I really want each brave new hope to work, each possible cure – but I also know that proving that something works or (disappointingly) does not work is the domain of smart scientists. And that is why Fauci is busy dodging questions, creating distance between the premature claims and the compound being discussed, patiently explaining that there is some evidence that it works, and some evidence that it doesn’t, and that anecdotes just are not enough.
On Friday 20 March, responding to Trump’s enthusiastic PR, Tony Fauci explained, “My job, as a scientist is to ultimately prove, without a doubt, that a drug is not only safe but that it actually works.” Three days later there were reports that one American man had died and his wife was in intensive care from an overdose of that compound. Drug trials can be frustratingly slow – but there is a very good reason for that.
Of course, the urgency of a new and (often) fatal disease can make it seem unbearable to move slowly – but we need to be clear that this is not a slow response.
I am a passionate advocate for scaling up testing for active Covid-19 disease and also for the antibodies that show that someone has had the infection – and infuriated that where we have reliable tests they are not being used widely and well. At the same time, I want to make sure that the tests are carefully validated – false information can be worse than no information. Coronavirus tests have been developed really fast – as has the knowledge about the incubation period, the natural history of disease progression and clarifying the modes of transmission. We should not be surprised if new information keeps on emerging in the weeks and months to come.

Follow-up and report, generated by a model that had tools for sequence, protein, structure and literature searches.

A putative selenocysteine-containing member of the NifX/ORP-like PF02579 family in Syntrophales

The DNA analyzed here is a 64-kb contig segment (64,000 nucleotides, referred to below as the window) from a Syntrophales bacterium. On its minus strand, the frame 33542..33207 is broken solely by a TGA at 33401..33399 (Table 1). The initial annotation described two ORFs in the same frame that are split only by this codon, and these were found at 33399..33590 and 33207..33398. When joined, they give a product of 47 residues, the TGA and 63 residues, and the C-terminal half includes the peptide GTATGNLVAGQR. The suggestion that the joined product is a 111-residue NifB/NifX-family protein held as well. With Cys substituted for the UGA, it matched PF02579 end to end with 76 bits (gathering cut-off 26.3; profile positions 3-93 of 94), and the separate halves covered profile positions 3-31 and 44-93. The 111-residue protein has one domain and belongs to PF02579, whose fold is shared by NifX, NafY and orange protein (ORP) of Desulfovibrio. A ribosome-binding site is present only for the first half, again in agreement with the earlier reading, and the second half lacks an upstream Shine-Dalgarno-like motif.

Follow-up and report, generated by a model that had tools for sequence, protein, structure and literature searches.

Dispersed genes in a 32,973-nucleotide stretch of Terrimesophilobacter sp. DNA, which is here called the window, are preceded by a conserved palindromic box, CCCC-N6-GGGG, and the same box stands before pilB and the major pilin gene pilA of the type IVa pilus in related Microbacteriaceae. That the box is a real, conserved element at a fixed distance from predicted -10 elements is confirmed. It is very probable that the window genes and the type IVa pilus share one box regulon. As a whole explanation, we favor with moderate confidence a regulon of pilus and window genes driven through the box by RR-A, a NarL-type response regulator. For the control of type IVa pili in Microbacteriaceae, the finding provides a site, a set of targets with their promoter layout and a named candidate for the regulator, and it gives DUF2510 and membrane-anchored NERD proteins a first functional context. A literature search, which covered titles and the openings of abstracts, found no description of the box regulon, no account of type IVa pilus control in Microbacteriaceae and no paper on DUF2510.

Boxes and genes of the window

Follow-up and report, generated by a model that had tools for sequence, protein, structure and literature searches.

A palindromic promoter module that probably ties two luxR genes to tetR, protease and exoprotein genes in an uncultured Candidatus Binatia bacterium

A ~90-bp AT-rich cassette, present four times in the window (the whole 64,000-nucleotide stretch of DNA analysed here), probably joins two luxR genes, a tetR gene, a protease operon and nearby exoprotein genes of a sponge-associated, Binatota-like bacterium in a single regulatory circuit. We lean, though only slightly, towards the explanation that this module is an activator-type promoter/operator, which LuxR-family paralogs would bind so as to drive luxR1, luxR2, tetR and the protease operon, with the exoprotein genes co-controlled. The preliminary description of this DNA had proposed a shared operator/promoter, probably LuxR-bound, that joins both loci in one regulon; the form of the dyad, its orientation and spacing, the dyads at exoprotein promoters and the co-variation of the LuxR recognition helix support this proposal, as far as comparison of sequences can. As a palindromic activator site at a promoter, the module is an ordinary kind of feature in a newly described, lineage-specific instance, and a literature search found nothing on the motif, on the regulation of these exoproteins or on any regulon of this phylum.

I started to volunteer for an AIDS charity back in 1986, five years after the first reports of AIDS had epidemiologists puzzling to understand this new epidemic. 1986 was also the year the virus was named HIV rather than HTLV-III (the American name) or LAV (as the French called it). The test could only be refined once the diplomatic dance was done and the two discoverers admitted that they’d actually found the same compound.